In January 2018, I set off on the epic solo backpacking trip of a lifetime, traveling around Southeast Asia for two months before making my way down to Australia and New Zealand, where I spent a year in each country thanks to their respective Working Holiday Visa programs.
For most of that time, I carried everything I needed in my trusty purple backpack and a smaller carry-on sized bag for my laptop and other important items. I embraced the backpacker lifestyle, keeping only what I needed and buying clothes I’d get a lot of use out of. Gone were my days of overpacking, since I knew I’d have to haul it around.
While backpacking isn’t for everyone, there are a few things you can do to make your first time out a lot easier. Here are three things I learned during my long-term adventure that you can apply to any backpacking trip, even if it’s just a few weeks long.
Looking back, this is something I probably should have done more research on at the time, but I managed to luck out with. After reading a ton of articles and reviews online, I eventually decided on beautiful purple 55-liter female-frame High Sierra backpack I bought for $75 on Amazon. I bought packing cubes—which let you fit so much more in there, especially if you fold and roll your clothes—and tested it out on a shorter trip a few months before I left.
Backpacks come in all shapes and sizes, ranging from 30 liters to 80 liters, so you really need to think about how much you want to carry. They can also get pretty pricey depending on how many bells and whistles you want. REI’s website was a great resource for learning about the different types of frames, belts, straps and other structural details that go into making your backpack as comfortable as possible. You can also try some on in the store to get a better idea of how to size things correctly. Pick the one that works best for you, get used to wearing it before your big trip, and you’ll be good to go.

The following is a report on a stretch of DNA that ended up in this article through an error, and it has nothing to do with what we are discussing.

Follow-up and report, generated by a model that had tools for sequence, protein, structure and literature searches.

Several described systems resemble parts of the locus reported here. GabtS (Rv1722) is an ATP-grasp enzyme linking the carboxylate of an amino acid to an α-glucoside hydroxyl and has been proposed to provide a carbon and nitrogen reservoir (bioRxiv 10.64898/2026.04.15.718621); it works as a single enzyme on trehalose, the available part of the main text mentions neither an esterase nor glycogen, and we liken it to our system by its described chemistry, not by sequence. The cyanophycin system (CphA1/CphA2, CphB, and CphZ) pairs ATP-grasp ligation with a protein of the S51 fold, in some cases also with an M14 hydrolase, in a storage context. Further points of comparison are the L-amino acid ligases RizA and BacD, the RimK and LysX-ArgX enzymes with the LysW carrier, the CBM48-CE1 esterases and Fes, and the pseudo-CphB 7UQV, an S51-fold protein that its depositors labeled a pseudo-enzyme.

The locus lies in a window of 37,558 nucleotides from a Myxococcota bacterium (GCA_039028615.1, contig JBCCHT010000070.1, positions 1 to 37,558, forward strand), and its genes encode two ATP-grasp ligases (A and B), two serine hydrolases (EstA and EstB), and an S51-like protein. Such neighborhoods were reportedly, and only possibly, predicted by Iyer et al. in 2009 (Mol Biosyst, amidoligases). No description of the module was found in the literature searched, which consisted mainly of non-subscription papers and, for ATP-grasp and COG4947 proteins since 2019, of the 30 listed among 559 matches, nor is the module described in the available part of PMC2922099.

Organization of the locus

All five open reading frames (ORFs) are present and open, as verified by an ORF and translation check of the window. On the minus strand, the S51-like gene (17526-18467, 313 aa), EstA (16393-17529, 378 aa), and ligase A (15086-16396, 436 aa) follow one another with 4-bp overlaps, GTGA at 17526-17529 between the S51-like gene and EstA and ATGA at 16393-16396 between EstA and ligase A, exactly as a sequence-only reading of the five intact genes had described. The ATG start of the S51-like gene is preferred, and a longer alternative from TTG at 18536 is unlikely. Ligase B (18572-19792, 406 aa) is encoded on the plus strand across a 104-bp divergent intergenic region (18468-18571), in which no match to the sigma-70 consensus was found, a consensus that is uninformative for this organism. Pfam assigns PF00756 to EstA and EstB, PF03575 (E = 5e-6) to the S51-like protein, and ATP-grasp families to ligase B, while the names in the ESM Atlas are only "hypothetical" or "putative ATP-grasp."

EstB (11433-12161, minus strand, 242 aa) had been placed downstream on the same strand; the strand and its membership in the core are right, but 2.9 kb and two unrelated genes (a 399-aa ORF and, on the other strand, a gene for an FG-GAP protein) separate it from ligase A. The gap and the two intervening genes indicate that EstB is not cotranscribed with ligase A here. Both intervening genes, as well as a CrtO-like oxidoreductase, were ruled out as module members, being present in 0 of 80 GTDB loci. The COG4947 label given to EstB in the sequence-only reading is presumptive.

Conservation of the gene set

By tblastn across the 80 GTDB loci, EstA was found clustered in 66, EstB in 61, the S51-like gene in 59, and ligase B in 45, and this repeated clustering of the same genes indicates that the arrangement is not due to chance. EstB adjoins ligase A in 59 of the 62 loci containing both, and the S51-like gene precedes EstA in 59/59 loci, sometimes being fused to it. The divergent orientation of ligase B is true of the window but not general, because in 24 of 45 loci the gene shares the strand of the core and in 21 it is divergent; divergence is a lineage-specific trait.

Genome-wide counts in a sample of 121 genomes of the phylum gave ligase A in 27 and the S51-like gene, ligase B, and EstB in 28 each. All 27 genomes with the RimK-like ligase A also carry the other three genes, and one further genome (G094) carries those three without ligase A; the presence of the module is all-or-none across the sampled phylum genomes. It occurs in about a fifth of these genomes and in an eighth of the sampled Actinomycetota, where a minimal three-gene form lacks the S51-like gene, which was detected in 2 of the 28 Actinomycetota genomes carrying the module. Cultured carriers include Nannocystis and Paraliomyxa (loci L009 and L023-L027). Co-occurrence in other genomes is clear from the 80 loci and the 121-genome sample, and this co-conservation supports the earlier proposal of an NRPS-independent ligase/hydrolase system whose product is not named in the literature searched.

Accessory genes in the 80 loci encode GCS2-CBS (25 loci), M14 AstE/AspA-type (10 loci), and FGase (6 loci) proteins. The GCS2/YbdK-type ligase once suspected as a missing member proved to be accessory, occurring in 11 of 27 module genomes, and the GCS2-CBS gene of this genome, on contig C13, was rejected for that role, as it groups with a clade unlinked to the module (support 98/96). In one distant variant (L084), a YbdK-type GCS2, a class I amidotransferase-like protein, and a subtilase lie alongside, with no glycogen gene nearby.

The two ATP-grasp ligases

Hotels are great for shorter trips, but if you’re traveling solo, things can get pretty quiet. Not staying in hotels—either by camping, opting for hostels and shared Airbnbs (instead of renting out the entire place) or house sitting—opens you up to meeting more people and having some truly memorable travel experiences. By doing this, I learned to slow down, connect with my fellow travelers, befriend the locals who shared their homes with me and the neighbors I met while pet sitting, and most importantly, to let my trip unfold instead of trying to plan every single second of it.
Not only that, you’ll likely have a secure place to stash your backpack no matter what time you get there. Most hostels have lockers or other secure areas for this exact purpose, while hotels typically offer something similar if you arrive before check-in or need to stash your things after you check out. Hostels almost always have a laundry room, too, so that’s one less thing to worry about during your big adventure.
Saving money is always a good thing, but it’s okay to splurge every once in a while, especially if it’ll greatly improve the quality of your trip. Instead of suffering through a bumpy night on a cramped overnight bus, see if there’s a roomier option like a train that’ll get you there, even if it costs a little more. If you’re tired of dealing with noisy hostel roommates, spring for a private room so you can still enjoy the atmosphere but get a better night’s sleep. While I wouldn’t advocate doing this a lot, it can be a real sanity-saver in the long run, especially if you only have so much time in each place.
Above all, enjoy yourself—this is your solo travel adventure after all— and remember to give yourself some grace when things don’t go according to plan. Anything can happen, so it’s important to learn to roll with the punches and make the best of things, wherever you are.
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by Lacey Pfalz Last updated: 7:00 AM ET, Sun May 28, 2023